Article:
When two parties enter into negotiation for an agreement, such as the sale of a business, the parties should seek to formalize the terms of the discussion prior to signing a legally binding document. If you are interested in signing an agreement with another party, it is important to record the terms that have been agreed upon in order to protect your business assets and resolve future disputes.
What is a Head of Agreement?
A Heads of Agreement is a non-legally binding document that records the proposed terms during the negotiation phase. It is an effective precursor to a legally binding document, expressing exactly what is to be included in a proposed agreement and what is not to be included.
Why Is it used?
While not enforcing both parties to reach an agreement, the document is a gesture of good faith by evidencing both parties commitment to proceed with a binding agreement. The Heads of Agreement ensures that both parties can continue negotiating the final terms of the agreement, make the relevant enquiries before reaching a conclusive decision and exclude third parties from entering into negotiations.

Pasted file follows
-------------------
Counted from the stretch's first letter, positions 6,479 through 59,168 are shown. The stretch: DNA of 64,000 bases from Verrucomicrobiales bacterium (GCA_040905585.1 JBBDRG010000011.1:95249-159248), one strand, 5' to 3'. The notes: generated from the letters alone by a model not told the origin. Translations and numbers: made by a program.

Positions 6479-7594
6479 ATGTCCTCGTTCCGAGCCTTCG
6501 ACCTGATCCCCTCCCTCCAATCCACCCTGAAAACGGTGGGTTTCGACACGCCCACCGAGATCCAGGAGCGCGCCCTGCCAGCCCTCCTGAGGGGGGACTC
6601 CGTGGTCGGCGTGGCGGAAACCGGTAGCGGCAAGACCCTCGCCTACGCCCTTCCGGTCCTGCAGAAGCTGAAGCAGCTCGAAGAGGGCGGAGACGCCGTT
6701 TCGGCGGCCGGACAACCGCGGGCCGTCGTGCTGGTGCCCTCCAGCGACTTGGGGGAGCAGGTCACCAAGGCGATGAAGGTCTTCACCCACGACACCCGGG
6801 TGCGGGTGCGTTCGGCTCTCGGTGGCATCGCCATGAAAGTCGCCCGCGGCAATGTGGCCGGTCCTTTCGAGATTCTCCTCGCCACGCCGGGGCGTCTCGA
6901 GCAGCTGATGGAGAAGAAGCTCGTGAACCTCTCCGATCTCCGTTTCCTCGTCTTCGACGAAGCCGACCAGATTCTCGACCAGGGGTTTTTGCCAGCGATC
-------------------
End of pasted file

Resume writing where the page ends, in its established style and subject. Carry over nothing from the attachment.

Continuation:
Other key reasons why parties should use a Head of Agreement include:
- It’s a mechanism for resolving disputes to clarify to both parties what is included in the agreement.
- Protects business assets, information and employees from the negotiating party.
- Outlines the parties key roles and responsibilities.
- Formalizes and streamlines the negotiation process.
What is included in a Heads of Agreement?
- Details of the proposed agreement
- The key obligations of both parties
- Target completion date
- Consideration for the proposed agreement
- Options to include legally binding obligations of confidentiality, non-solicitation and/or exclusivity
When are they binding?
Although a Heads of Agreement is non-binding, there have been circumstances where a court has determined that a Heads of Agreement will be enforceable. For the document to be legally binding, the Heads of Agreement must:
- Explicitly state that the parties intended to be bound by the Heads of Agreement
- Signed by both parties and described as a ‘Heads of Agreement’
- Drafted under the supervision of solicitors from both parties
- Inclusive of all essential terms and conditions
- Include a clause stating how unsettled matters will be resolved.
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